Flow-induced vibration of an elastically mounted airfoil under the influence of
the wake of a circular cylinder
J.F. Derakhshandeh, M. Arjomandi, B. Dally, B. Cazzolato
Reference: ETF 8646
To appear in: Experimental Thermal and Fluid Science
Received Date: 17 March 2015
Revised Date: 5 November 2015
Accepted Date: 5 December 2015
Please cite this article as: J.F. Derakhshandeh, M. Arjomandi, B. Dally, B. Cazzolato, Flow-induced vibration of an
elastically mounted airfoil under the influence of the wake of a circular cylinder, Experimental Thermal and Fluid
Science (2015), doi: http://dx.doi.org/10.1016/j.expthermflusci.2015.12.003
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Flow-induced vibration of an elastically mounted airfoil under the influence of the wake
of a circular cylinder
Derakhshandeh J. F., Arjomandi M., Dally B. and Cazzolato B.
School of Mechanical Engineering
University of Adelaide, Adelaide, South Australia 5005, Australia
The effect of vortices generated by a rigidly mounted cylinder on the dynamic response of an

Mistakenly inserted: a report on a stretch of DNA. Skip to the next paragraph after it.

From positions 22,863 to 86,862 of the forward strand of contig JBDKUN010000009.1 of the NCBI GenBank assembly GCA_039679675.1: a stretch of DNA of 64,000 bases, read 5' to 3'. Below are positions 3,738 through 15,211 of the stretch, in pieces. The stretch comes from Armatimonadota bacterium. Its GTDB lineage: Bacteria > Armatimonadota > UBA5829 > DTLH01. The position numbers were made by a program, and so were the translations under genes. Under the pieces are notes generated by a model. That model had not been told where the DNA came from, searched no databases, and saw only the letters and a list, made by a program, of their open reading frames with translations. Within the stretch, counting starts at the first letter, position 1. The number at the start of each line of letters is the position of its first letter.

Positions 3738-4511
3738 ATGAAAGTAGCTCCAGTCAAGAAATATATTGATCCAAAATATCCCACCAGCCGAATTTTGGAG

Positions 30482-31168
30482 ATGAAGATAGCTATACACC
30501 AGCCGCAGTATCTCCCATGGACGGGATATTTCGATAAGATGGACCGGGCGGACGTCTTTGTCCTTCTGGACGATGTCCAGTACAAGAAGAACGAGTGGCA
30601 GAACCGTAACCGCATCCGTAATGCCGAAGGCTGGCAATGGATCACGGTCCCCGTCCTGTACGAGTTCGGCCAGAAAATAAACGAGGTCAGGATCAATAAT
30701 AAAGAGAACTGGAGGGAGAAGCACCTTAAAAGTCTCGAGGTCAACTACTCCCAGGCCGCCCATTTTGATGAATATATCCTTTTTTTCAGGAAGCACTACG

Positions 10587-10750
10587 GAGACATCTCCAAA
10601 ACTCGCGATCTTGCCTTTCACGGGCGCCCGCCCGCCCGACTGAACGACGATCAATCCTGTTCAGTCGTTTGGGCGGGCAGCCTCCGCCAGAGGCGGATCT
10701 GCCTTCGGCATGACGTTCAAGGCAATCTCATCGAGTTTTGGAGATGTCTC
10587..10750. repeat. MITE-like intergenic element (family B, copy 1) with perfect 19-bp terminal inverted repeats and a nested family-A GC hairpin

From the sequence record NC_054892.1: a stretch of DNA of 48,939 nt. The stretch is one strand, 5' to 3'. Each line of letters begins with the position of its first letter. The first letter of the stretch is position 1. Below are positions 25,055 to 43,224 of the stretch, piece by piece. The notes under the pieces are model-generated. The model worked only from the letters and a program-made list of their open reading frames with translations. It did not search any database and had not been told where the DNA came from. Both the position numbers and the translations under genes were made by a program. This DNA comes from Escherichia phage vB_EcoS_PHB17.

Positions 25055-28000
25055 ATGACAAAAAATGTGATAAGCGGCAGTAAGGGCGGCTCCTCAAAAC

airfoil is investigated in this study. This work extends previous investigation of vortex
interaction with a second cylinder to capture the wake energy (Derakhshandeh et al. 2014-c).
Accordingly, the Flow-Induced Vibration (FIV) of a symmetric NACA 0012 airfoil
positioned in the wake of the rigidly-mounted upstream cylinder is studied. The airfoil mount
allows it to move in two degrees-of-freedom; pitch and heave. The pitching axis is
kinematically driven using a brushless permanent-magnet DC servo motor. The heave axis of
the airfoil is coupled with a Virtual Elastic Mechanism (VEM), which is an electro-